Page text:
Gender Gender

Big sisters to school siblings on GBV

FROM left: Mweene Chikeka (Deloitte Zambia), Gertrude Musunka (FQM), Namatama Chinyama (Ministry of Gender), Norena Chiteba (KUPES), Victoria Mumba (ZIBFS), Chipasha Iliamupu (GBV survivor) and Patricia Luhanga (NATSAVE) at the launch of KUPES Big Sister programme at KUPES offices in Lusaka recently. PICTURE: HUDSON CHIRWA

‘I AM a victor now, not a victim. So do not look at me as this person that is really vulnerable. I used to be then, but am a different person now. I am a survivor of gender-based violence (GBV) in totality.
“I was a little girl that desired to get an education that would place me at a level where I could speak to someone when I went to the bank – I could say hello in local language and English. Unfortunately, at the age of 15, my dreams were shattered by my biological father, who robbed me of my childhood,” narrates Chipasha Iliamupu, who originates from a village situated eight kilometres from Kaoma boma.
Chipasha, as a young girl who was excited about being in Grade Eight despite coming from a family that lived in abject poverty, had a shock of her life when she was told she was getting married to a sergeant officer, a father of three, who was 20 years older than her.
“How they arrived at marrying me off, I didn’t know, but with time, I realised I was my only father’s asset to be traded off for an amount of money which he saw befitting for my body size and age. My father traded me for K300 as bride price,” explains the last born child of Mr Iliamupu.
From the word go, Chipasha was introduced to all forms of abuse – physical, sexual, emotional, psychological and verbal. She had to stop going to school despite her husband having had promised the family that he would educate her.
“During my initiation when I came of age, I was taught how to care for a man just like it is done when one is about to get married. I was also told never to disclose to anyone what is going on in marriage, hence keeping all the abuses I underwent to myself.
One day, I bumped into Young Women’s Christian Association (YWCA), who saved my life,” she says.
Chipasha began selling water in small packs – ice blocks – in order to raise money for her to continue with her education, a move that made her husband intensify his abuse towards her. But she had become empowered with knowledge provided to her by YWCA and this gave her an opportunity to conquer the world.
When she was in Grade 10, due to the intensified abuse from her husband, Chipasha filed for divorce, which the family objected to as she was their pillar to a better life, but she went ahead and divorce was granted by the courts.
Now a University of Zambia graduate, Chipasha says there is need for increased sensitisation on GBV as it comes in so many forms, which normally affects many people, especially the girl child that is married off at a tender age.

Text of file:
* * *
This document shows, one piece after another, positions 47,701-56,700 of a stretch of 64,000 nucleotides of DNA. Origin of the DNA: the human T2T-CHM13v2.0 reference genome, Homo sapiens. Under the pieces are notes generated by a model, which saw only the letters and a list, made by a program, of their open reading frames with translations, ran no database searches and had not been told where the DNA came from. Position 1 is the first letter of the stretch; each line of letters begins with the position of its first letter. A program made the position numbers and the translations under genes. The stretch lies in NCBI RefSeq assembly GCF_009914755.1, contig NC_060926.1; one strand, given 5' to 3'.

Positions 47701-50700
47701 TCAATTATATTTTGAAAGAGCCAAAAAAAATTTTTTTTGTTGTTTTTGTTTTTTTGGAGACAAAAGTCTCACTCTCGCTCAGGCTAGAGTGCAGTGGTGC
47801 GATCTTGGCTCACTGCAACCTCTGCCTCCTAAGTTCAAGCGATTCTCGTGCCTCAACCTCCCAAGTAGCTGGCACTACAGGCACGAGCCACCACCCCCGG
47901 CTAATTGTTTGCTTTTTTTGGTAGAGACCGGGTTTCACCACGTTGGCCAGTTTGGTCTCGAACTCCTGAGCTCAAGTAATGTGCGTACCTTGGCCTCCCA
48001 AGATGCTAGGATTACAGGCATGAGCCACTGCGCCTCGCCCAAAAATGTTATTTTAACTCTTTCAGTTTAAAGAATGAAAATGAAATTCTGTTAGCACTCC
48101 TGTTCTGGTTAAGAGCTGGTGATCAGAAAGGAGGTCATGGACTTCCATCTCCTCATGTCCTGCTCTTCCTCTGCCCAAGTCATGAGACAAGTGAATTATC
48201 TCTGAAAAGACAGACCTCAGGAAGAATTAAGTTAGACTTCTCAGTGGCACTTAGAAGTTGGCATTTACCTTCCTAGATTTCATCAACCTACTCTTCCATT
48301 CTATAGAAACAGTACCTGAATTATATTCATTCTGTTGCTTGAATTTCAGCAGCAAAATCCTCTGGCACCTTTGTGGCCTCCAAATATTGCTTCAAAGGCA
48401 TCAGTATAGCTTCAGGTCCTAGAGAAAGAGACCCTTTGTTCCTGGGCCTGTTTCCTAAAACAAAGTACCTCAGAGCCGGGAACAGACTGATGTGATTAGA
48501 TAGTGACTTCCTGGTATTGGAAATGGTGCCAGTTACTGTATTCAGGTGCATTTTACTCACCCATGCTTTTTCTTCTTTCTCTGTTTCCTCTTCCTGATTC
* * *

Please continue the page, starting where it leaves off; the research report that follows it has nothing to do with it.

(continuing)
“Abuse happens at any age or stage no matter how much one is empowered. It is mostly on women – you are battered and given a nice posh vehicle to drive, which is covering up on the abuse you go through. A mere slap, and not a calculated one, is what takes many people to their early grave,” says Chipasha.
Scenarios such as Chipasha’s are what inspired the KUPES Young Women’s Network to launch its Big Sister mentorship programme in schools, which shall complement the efforts of various schools to achieve the goal of producing holistic young girls who have a clear understanding of their self-worth, purpose and capability.
During the launch on November 27 – coinciding with the 16 Days of Activism Against GBV – KUPES founder Norena Chiteba said there is need for young girls and boys to get empowered from a tender age as they are equally experiencing abuse in various forms, with rape being rampant.
“You are aware that there are so many cases of defilement being recorded. We need to keep having conversations and fight this. The men really need to stop what they are doing and get to a level where they understand that women and girls are just as human as they are,” Mrs Chiteba said.
She explained that time has come for the KUPES girls to roll out and inspire and motivate the young ones with all the knowledge and experiences they have attained so that there is national development.
Speaking during the same event, Ministry of Gender Permanent Secretary Auxilia Ponga said the ministry believes in uplifting the lives of women and has embarked on various programmes and projects, especially in intensifying the fight against GBV.
Dr Ponga said the KUPES Big Sister programme feeds into the sustainable development goal number five, which focuses on gender equality not only as a basic right but as a crucial ingredient to accelerate sustainable development.
“We h a v e s e e n a n unprecedented record of violent acts against women and girls in Zambia. In the third quarter of this year, 773 defilement cases were recorded, and out of these cases, only three were boys. In 2018, the country recorded 22,073 GBV cases,” she said.
NATSAVE chief executive officer Mukwandi Chibesakunda said mentorship adds value and creates a difference to having a great education.
Mrs Chibesakunda said the organisation believes in a multi-sectoral approach in fighting GBV, hence the call to factor all important issues in the mentorship programme so that there is a society that will grow freely and happily, ultimately contributing to national development.
Sixteen Days of Activism Against GBV, running under the theme “Orange the world: Raising an equality-conscious generation against GBV”, is a campaign that runs from November 25 to December 10 with the hope to raise awareness about GBV as a human rights

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